Welcome back fellow 2.0 learners and educators,

I don’t know what happened to the font size on my last post.  I can’t see anywhere that I can control font size on the template I’m using so I just don’t know.  I’m also having Internet reception problems at home and at my school (wireless router)  which is driving me crazy.  Whenever you’re doing anything with technology, it’s my motto that you should always have a back-up plan.


Yesterday when I was telling you what new things I could do with Picasa, I forgot to mention that I used it to post pictures in my new facebook account.  I couldn’t believe how easy it is to post pictures and share them with others on facebook.  Mind you, whoever you want to send them to has to have a facebook account whereas if you just use picasa, you can send anyone a link to view your pictures.  Since facebook is blocked at our school, Picasa would be more useful as a teaching and learning tool.  I was surprised that I could post my own video on facebook, as well.  It took a little time to load but once it was up, sharing it was no problem. 


Further to choosing blogging sites from my first post, today at school another teacher-librarian and I set up a new blog for our students to discuss the books in the Manitoba Young Readers Choice Awards.  I was pleasantly surprised that I was able to tell her about the pros and cons of various blog hosting sites (I must have learned something last week!).  In the end, we decided to stay with November Learning Communities because the site allows multiple users to moderate comments without using email.  Although we still had trouble adding pictures (which I mentioned in my first post), in able an hour we had our blog set up and ready to go.    This is the third year for our blog.  At first only three schools collaborated, the next year five schools and this year, all the schools in our division have been invited to be a part of our learning community.  I wonder if next year we’ll add schools from outside our division.  I’m planning on making our blog a little more interactive this year by requiring my students to ask a question about the book they are commenting on rather than just saying what they thought of the book.  This way I hope to get more discussion between students happening.  My students can easily access the blog from my library wiki which is attached to our school’s homepage.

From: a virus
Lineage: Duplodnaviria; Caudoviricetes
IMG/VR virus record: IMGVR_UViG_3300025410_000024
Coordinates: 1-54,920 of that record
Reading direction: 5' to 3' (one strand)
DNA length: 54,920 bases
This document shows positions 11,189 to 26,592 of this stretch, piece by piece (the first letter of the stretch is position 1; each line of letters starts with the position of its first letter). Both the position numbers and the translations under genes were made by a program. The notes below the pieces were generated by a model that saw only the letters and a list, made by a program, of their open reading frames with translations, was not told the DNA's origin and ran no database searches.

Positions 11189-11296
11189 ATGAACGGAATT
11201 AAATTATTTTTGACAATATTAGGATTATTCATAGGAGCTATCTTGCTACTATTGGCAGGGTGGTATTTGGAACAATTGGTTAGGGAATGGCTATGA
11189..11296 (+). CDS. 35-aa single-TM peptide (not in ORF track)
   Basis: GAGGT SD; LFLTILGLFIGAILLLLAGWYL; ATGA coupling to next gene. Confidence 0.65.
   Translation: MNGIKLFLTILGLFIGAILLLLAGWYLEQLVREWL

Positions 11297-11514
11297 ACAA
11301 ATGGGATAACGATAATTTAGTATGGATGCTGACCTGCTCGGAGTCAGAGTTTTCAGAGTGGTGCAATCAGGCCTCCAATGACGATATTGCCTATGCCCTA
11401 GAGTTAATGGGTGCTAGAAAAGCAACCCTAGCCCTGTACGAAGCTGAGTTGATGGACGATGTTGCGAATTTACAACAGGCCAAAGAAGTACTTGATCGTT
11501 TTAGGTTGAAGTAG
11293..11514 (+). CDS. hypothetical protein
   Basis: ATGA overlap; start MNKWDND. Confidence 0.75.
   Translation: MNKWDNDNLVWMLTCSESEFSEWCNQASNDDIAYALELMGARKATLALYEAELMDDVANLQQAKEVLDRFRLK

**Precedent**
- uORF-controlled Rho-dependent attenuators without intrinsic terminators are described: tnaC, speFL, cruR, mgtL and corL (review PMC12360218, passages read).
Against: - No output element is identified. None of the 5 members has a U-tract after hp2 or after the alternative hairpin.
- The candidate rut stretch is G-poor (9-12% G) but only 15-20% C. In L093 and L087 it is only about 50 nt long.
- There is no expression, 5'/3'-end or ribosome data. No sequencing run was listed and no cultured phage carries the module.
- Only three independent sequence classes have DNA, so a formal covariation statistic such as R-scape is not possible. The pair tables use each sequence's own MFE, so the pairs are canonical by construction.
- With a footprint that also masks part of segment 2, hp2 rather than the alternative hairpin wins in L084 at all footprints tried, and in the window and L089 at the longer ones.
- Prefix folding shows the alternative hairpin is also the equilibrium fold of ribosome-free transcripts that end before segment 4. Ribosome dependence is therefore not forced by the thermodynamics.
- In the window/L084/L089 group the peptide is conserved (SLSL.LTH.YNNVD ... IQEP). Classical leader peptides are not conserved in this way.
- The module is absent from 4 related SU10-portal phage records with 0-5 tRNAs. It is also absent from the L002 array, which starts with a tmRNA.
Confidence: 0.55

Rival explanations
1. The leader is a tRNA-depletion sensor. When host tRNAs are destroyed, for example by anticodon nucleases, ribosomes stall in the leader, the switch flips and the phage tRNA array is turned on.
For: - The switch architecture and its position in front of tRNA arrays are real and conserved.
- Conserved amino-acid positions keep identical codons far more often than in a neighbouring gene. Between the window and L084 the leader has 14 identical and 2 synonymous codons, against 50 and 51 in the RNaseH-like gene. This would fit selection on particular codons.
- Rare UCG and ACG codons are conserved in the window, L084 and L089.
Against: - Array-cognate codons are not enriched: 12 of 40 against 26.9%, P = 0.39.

Yesterday I applied for a Yahoo! email so that I could use the Flickr site.  Today, I added pictures on my blog from Flickr.  They’re pictures my sons took at the Vancouver Aquarium this past summer.  The directions on wordpress weren’t quite accurate on how to do this but I managed, after a little frustration to figure it out by searching around Flickr for the feed link.  WordPress said the feedlink was on the homepage but I found it on the photo page.  You might notice that I also added an RSS feed of the Blue Skunk Blog to my blog but more on that in another post about RSS feeds.


Tomorrow, I’m going to search for any research on the benefits of using photo sharing tools in the classroom and explore more of the features of Flickr that I can use on a personal and professional level.